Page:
But what happens when such things rise again? Think of virtual reality: after an immediate cultural peak in the early 1990s with that Aerosmith video and the awful Lawnmower Man (1992) film, popular interest in the technology rapidly dwindled.It never exactly went away, though, and has in recent years received renewed attention thanks to the gaming and film industries and products like the Oculus Rift. Having circled back around from Jetsons-like cartoon status to being something that people are excited about again, virtual reality, as a concept, now exists in a kind of duality, in the perception of it. Because that ’90s legacy is still so burned into the public consciousness, virtual reality retains its retro-ness, but now it also gets to say “I told you so.”
Perception will have a lot to do with whether a listener will hear impulses toward retro-futurism, or just the future, in Film’s Eclipse. The Athens trio — that’s Greece, not Georgia — of singer/multi-instrumentalist Dimitris Borsis, guitarist Manolis Zavitsanos, and drummer Kostas Borsis, have been together since the early ’00s, but Eclipse saturates their electropop in gated synths and vocoder. Selecting distinctly ’80s elements to integrate into one’s sound has come into fashion roughly parallel with the easy availability of technology that can replicate keyboards and equipment that were once as expensive as they was cumbersome. Capturing a sense of nostalgia may be part of then intent with some artists, but that doesn’t particularly feel to be the case with Eclipse.
More present is a sense of camaraderie, particularly with their fellow Grecian, renowned electronic composer Vangelis. Now in his early 70’s, Evangelos Odysseas Papathanassiou — a wonderful name, but it’s no wonder he went with the simpler ‘Vangelis’ — has a career that dates back to the ’60s, when he played in the psychedelic band Aphrodite’s Child. That name may not ring much of a bell, even with modern fans of progressive rock, but they were influential in their time and after. The Verve, for instance, didn’t just refashion that Rolling Stones melody on their album Urban Hymns; they also lifted big time from Aphrodite’s Child’s “The Four Horsemen” on their song, “The Rolling People”.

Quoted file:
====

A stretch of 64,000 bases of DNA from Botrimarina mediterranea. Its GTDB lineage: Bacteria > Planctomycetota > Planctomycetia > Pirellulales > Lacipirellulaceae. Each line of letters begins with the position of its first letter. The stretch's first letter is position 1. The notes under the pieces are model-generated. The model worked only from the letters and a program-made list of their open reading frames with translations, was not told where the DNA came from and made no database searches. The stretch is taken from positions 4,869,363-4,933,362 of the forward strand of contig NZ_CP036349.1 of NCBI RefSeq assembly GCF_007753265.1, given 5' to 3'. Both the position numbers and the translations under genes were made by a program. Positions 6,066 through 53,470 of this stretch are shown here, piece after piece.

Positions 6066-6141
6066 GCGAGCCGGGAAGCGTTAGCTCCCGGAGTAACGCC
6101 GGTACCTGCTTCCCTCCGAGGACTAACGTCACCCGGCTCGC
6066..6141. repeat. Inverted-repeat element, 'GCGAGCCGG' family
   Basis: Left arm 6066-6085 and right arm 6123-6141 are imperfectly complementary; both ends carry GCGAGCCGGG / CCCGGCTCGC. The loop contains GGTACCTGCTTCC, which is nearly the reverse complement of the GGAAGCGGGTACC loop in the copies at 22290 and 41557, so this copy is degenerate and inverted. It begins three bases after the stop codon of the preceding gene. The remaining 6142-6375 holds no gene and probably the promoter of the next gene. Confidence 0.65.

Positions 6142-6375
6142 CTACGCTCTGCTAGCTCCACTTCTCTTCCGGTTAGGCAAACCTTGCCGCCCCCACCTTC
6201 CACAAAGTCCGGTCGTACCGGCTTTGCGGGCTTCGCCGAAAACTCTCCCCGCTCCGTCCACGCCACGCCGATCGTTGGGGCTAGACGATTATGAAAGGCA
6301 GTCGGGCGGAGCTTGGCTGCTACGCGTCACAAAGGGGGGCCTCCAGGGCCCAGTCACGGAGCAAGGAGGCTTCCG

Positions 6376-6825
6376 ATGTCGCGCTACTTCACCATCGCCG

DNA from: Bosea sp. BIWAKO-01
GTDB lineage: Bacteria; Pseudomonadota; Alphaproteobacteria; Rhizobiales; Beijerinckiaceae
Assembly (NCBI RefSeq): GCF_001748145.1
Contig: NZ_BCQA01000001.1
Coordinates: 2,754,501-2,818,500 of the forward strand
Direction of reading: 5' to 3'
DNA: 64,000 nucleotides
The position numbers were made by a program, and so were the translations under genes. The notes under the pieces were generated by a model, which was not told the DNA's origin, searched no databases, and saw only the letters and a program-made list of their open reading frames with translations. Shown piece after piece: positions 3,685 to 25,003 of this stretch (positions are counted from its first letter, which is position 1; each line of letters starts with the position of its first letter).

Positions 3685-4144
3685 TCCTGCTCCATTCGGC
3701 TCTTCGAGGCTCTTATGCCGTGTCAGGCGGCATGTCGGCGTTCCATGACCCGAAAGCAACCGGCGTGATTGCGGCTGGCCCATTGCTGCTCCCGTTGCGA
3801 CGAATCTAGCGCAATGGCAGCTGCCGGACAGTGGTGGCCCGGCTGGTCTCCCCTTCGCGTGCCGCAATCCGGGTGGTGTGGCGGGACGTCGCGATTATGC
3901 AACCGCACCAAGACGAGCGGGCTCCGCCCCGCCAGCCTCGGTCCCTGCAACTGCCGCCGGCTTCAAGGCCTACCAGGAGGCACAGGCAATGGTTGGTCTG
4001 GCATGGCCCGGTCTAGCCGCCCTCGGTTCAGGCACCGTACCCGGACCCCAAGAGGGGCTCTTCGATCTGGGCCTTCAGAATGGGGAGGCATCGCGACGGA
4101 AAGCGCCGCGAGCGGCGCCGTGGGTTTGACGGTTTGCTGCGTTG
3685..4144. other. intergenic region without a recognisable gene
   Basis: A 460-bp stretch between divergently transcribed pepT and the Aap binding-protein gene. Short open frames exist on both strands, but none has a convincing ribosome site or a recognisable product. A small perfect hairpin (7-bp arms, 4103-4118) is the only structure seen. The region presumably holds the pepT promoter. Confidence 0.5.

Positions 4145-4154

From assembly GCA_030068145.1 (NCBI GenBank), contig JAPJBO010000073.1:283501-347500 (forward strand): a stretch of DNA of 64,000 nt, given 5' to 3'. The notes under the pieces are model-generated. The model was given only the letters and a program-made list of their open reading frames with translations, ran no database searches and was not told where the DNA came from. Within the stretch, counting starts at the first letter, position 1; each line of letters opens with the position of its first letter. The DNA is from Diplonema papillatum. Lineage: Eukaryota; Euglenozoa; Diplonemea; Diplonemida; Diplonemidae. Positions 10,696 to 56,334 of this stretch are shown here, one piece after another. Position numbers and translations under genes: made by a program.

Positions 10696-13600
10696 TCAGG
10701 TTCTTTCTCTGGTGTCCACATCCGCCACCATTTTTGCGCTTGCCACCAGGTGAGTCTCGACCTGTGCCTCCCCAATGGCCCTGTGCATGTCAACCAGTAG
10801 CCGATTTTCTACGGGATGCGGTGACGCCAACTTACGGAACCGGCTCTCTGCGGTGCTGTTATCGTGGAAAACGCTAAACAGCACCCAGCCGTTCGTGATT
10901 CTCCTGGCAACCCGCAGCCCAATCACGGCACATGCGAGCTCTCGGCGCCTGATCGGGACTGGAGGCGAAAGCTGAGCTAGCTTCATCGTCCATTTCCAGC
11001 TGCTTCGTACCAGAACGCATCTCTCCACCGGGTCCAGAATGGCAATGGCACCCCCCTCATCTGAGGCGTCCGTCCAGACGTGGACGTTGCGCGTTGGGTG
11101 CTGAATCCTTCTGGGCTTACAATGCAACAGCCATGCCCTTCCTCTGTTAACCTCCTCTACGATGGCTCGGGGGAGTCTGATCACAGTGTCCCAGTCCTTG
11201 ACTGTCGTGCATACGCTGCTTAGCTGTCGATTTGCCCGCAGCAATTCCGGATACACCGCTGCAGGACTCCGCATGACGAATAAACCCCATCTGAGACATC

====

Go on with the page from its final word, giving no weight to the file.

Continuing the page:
Vangelis is more widely recognized for the work he would come to do in the 1980’s, composing scores for films like Chariots of Fire (1981), and, significantly here, Blade Runner (1982). Given their name, Film’s cinematic influences and sonic ambitions come as no surprise. In terms of the Vangelis influence, one needs to look no further than the opening seconds of the first song, “Ping Pong with Angels”, to hear the unmistakable connection to Blade Runner’s “End Theme”. There is a distinct tension in Vangelis’ style of spiraling synth arpeggio, which suffocates like a boa constrictor. In 1982, it was the echo of a dystopian future as communicated by then-state-of-the-art instruments. Fifteen years later, and the sound would come off as quaint against all the technological progress on display across the various genres of electronic music.
Another fifteen-plus years later, though, and Film’s reclamation of the Blade Runner vibe, building on it with an anything-goes mix of a more up-to-date dance beat, vocoder, and a few too many laser effects, brings it back into the present. So is “Ping Pong with Angels” retro, or does it mean that Vangelis was right about the future after all, and it just took a while for others to catch up? Beyond cementing Film’s playful over-reliance on laser effects, the album’s title track, which immediately follows, answers in the affirmative for the latter, and the rest of the record follows suit.
Film – Eclipse Full Album Stream
The presence of a certain amount of retro sensibility on Eclipse is indisputable, in fact embraced, but its initially high level of surface visibility only draws attention from the sum of their process for so long. The Vangelis synths and throwback science fiction effects (appropriately, there is a song here called “Star Wars”) are just one of the knives in Film’s drawer. Eclipse‘s foundation is built just as much out of modern cloth, especially when it comes to their beats. They also throw so much out there that it disturbs easy classification. Tracks like “The Gun & The Deer” and “Produkt” may even start spare with a percussive undercurrent and processed vocals, but Film can’t resist filling up every inch of space for long.
“L’Amour Imaginaire”, a storming loud-quiet miniature epic, even finds room for some steel drum. So much is going on in “Coral” that the swirling harp barely stands out. Holding back may be a low priority, but Film understands the merit of restraint. Those steel drums and harps, like so many other ear-catching details, come and go quickly. The album might lean a little heavily on the vocoder, but its frequent use keeps things consistent, at least. As widescreen as these nine songs get, they don’t become over-inflated. Each one has its unique role in the complete picture, as a collection of sweeping movements played out in compact spaces, big screen visions transmuted into dance club fuel.